However, there is some debate over Prahalad's proposition. Aneel Karnani, also of the Ross School at the University of Michigan, argued in a 2007 paper that there is no fortune at the bottom of the pyramid and that for most multinational companies the market is actually very small. Karnani also suggests that the only way to alleviate poverty is to focus on the poor as producers, rather than as a market of consumers. Prahalad later provided a multi-page response to Karnani's article. Additional critiques of Prahalad's proposition have been gathered in Advancing the 'Base of the Pyramid' Debate.

Meanwhile, Hart and his colleague Erik Simanis at Cornell University's Center for Sustainable Global Enterprise advance another approach, one that focuses on the poor as business partners and innovators, rather than just as potential producers or consumers. Hart and Simanis have led the development of the Base of the Pyramid Protocol, an entrepreneurial process that guides companies in developing business partnerships with income-poor communities in order to "co-create businesses and markets that mutually benefit the companies and the communities". This process has been adopted by the SC Johnson Company[4] and the Solae Company (a subsidiary of DuPont).[5]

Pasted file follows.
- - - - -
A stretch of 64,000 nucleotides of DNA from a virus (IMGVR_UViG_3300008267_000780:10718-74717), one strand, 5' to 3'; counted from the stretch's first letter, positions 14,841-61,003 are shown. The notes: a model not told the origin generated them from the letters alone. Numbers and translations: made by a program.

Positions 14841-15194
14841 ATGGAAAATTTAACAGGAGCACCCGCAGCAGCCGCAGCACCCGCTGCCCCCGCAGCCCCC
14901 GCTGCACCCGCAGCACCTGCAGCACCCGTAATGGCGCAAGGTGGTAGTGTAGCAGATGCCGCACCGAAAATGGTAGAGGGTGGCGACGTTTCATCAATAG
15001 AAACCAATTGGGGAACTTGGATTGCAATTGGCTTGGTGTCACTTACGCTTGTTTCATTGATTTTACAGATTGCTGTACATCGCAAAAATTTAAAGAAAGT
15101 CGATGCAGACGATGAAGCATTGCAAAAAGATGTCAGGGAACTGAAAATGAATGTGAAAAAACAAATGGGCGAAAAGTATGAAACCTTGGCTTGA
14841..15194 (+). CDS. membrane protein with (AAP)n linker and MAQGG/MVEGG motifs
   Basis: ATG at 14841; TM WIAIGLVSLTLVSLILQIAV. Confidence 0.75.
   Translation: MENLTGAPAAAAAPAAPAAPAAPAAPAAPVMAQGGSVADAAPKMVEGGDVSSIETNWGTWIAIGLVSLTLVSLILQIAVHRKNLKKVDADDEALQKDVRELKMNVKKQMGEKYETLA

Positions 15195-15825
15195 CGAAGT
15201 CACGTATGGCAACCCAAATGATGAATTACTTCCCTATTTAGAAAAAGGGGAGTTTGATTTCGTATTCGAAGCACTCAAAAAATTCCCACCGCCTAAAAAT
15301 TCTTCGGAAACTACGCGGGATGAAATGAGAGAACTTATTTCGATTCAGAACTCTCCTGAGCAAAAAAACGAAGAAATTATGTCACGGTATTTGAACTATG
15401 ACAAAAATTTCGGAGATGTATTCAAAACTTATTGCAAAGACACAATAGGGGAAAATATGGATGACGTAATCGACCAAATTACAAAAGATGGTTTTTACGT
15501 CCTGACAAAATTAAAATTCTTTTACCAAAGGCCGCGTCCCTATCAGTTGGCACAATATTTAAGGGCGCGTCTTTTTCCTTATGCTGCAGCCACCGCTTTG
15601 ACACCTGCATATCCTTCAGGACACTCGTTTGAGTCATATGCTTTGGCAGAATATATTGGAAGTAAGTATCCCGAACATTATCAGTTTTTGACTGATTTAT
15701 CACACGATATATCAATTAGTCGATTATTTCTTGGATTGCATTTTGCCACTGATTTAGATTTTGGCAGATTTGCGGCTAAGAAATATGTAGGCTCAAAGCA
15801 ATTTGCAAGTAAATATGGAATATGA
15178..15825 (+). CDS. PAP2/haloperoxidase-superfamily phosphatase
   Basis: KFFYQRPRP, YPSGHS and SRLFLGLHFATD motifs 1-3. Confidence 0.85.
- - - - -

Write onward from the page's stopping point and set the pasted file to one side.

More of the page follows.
Furthermore, Ted London at the William Davidson Institute at the University of Michigan focuses on the poverty alleviation implications of Base of the Pyramid ventures. He has created a BoP teaching module designed for integration into a wide variety of courses common at business schools that explain the current BoP thinking. He has identified the BoP Perspective as a unique market-based approach to poverty alleviation. London has also developed the BoP Impact Assessment Framework, a tool that provides a holistic and robust guide for BoP ventures to assess and enhance their poverty alleviation impacts. Companies, non-profits, and development agencies in Latin America, Asia, and Africa have implemented this framework.

Another recent focus of interest lies on the impact of successful BoP-approaches on sustainable development. Some of the most significant obstacles encountered when integrating sustainable development at the BoP are the limits to growth that restrict the extended development of the poor, especially when applying a resource-intensive Western way of living. Nevertheless, from a normative ethical perspective poverty alleviation is an integral part of sustainable development according to the notion of intragenerational justice (i.e. within the living generation) in the Brundtland Commission's definition. Ongoing research addresses these aspects and widens the BoP approach also by integrating it into corporate social responsibility thinking.[citation needed]